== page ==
Wild Florida–Orb Weaver Spiders

OK, most people don’t like spiders.  Especially the big ones. But spiders play an important role in our ecosystem. Many of them have fascinating lifestyles and habits. And despite their large size, gigantic webs and fearsome appearance, Florida’s orb-weaving spiders are harmless to humans

Anyone who has ever spent some time roaming in Wild Florida has likely had the experience of walking along, minding your own business, and suddenly feeling a silken web pressing against your face like a volleyball net. Congratulations–you just met one of our orb-weaver spiders.

With its tropical climate and its abundance of insect life, Florida is spider heaven. We have hundreds of known species, and probably hundreds more that have not yet been studied and scientifically described. During the day, you are likely to see some of our Jumping Spiders–little metallic-looking things with two big eyes that watch you curiously. Jumpers are believed to be among the most intelligent of spiders. At night, you may also see some Wolf Spiders–big hairy things with green-glowing eyes. Like Jumping Spiders, Wolf Spiders don’t make webs, but wander around in search of prey. In springtime, male Wolf Spiders, looking for females, often wander inside houses, where they sometimes fall into the sink or the bathtub and can’t climb back out, scaring the bejesus out of the homeowner in the morning.

(One thing we do not have in Florida, despite the beliefs of some people, are tarantulas. Although there are a number of tropical tarantula species found in the Caribbean Islands, none of them occur naturally in Florida.)

By far the biggest and most conspicuous of our native spiders are the orb-weavers, which make enormous webs, some stretching as far as seven or eight feet, to catch insects. They are particularly partial to making their webs across pathways and trails, which is where most people encounter them.

There are two kinds of large orb-weaving spiders that you are likely to see in Florida. The first is the Golden-Silk Orb Weaver, Nephila clavipes.

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Nephila is a tropical genus with members found virtually around the world. The N. clavipes species is the only member of the genus found in the New World–it ranges from South America through Florida and Georgia and into the Carolinas.

In 2011, an exquisitely preserved fossil spider, encased in volcanic ash, was found in Mongolia belonging to this genus, dating back over 165 million years ago. Named Nephila jurassica, it had a legspan of six inches, making it one of the largest fossil spiders ever found.

Today’s Golden-Silk Orb Weaver measures around an inch and a half in body length, with a legspan of about three inches, making it one of the largest spiders in Florida. Some of the local names for them are “Wood Spider” and “Banana Spider”. The males have duller colors and are very much smaller–less than one-fifth as big as the female. It’s not uncommon to see three or four tiny males living on the female’s web, where they feed on her stashed prey and hope for a chance to mate. The female then produces an eggsac from silk, containing over 200 eggs, then dies. The eggs overwinter in the sac and hatch in spring.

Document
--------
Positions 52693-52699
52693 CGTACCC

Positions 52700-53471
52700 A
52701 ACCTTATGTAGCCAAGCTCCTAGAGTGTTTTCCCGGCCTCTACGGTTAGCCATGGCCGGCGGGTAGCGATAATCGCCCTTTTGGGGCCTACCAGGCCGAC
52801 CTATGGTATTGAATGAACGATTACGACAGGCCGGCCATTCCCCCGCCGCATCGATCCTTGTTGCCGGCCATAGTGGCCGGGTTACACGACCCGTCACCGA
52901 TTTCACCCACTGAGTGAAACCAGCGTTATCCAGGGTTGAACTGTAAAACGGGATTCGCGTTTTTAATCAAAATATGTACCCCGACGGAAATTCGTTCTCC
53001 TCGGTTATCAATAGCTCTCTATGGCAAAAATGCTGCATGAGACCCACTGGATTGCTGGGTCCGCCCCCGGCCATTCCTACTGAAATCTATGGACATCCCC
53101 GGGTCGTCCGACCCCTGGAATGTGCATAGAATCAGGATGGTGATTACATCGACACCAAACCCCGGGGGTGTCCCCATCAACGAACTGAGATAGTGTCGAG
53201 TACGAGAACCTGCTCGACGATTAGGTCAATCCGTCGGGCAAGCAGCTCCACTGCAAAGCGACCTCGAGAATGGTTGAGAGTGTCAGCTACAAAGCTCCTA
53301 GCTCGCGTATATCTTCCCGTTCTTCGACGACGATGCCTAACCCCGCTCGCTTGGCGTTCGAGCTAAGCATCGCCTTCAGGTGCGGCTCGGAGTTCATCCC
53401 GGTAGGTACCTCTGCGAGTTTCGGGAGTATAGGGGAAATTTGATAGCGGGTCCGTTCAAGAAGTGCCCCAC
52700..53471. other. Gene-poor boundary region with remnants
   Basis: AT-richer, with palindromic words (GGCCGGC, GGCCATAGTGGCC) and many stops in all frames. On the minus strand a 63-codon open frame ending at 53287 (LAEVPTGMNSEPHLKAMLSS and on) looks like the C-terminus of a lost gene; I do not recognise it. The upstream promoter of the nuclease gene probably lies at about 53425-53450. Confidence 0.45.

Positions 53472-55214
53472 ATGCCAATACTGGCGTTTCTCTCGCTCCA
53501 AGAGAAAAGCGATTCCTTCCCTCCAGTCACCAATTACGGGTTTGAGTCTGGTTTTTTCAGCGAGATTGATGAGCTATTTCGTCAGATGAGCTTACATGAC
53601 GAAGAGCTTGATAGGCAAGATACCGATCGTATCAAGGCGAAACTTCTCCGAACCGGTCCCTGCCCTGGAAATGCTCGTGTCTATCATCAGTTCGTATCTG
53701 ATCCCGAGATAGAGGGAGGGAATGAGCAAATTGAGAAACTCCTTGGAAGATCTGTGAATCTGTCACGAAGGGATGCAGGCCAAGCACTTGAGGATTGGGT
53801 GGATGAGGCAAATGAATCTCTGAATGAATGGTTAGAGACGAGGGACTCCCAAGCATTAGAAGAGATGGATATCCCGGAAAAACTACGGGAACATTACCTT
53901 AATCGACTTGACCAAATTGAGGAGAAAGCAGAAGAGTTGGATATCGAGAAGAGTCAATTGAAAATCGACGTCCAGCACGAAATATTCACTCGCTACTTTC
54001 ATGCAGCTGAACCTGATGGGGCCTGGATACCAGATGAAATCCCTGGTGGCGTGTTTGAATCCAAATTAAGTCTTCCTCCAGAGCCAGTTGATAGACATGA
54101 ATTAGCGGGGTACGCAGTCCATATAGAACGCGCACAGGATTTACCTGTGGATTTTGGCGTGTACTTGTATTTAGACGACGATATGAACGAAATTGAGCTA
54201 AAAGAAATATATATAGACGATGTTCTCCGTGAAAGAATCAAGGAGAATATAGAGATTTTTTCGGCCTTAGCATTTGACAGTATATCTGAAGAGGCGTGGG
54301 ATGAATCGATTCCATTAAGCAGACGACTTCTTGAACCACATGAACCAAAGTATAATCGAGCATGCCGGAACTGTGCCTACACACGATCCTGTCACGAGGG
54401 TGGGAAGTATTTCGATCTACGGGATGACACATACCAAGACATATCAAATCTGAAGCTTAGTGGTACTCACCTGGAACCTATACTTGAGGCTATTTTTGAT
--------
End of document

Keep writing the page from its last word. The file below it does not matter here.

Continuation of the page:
The webs are huge. The central spiral orb can be three feet across, held in the air by guidelines that often stretch another two or three feet to a tree branch. The silk is a yellowish-white color–it is presumed that the yellow makes the web visible to birds so they don’t accidentally fly into it and destroy the web. Female spiders are often seen perched in the middle of their web, head down, waiting for prey. The silk is strong enough to catch butterflies, dragonflies, and wasps. Unlike other spiders, which take down their web each morning and make a new one each night, the Golden-Silk Orb Weaver leaves its web up, and makes periodic repairs whenever a break occurs.

The second kind of large orb-weaver you are likely to see is the Golden Orb Spider, Argiope aurantia.

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The Argiope are another tropical genus with representatives around the world, at least four of them in Florida. The Golden Orb Spider is also known locally as the “Black and Yellow Orb Spider”, the “Garden Spider”, “Writing Spider” and, confusingly, the “Banana Spider”. It matches the Golden-Silk Orb Spider in size, but is heavier in the body and legs and therefore looks bigger.

Like the Nephila, the Golden Orb Spider makes a huge web that usually stretches across walkways or small streams, where insects are likely to fly into it. The web usually contains a conspicuous heavy zigzag, which both acts as a spring to absorb impacts without tearing the web, and serves as a visual signal for birds and mammals so they don’t blunder into the web and destroy it. The web is rebuilt every night. When disturbed, Argiope spiders will often shake their webs violently, turning it into a blur that may hide the spider from predators. Other times, the spider will respond to a threat by falling off its web and hiding among ground litter.

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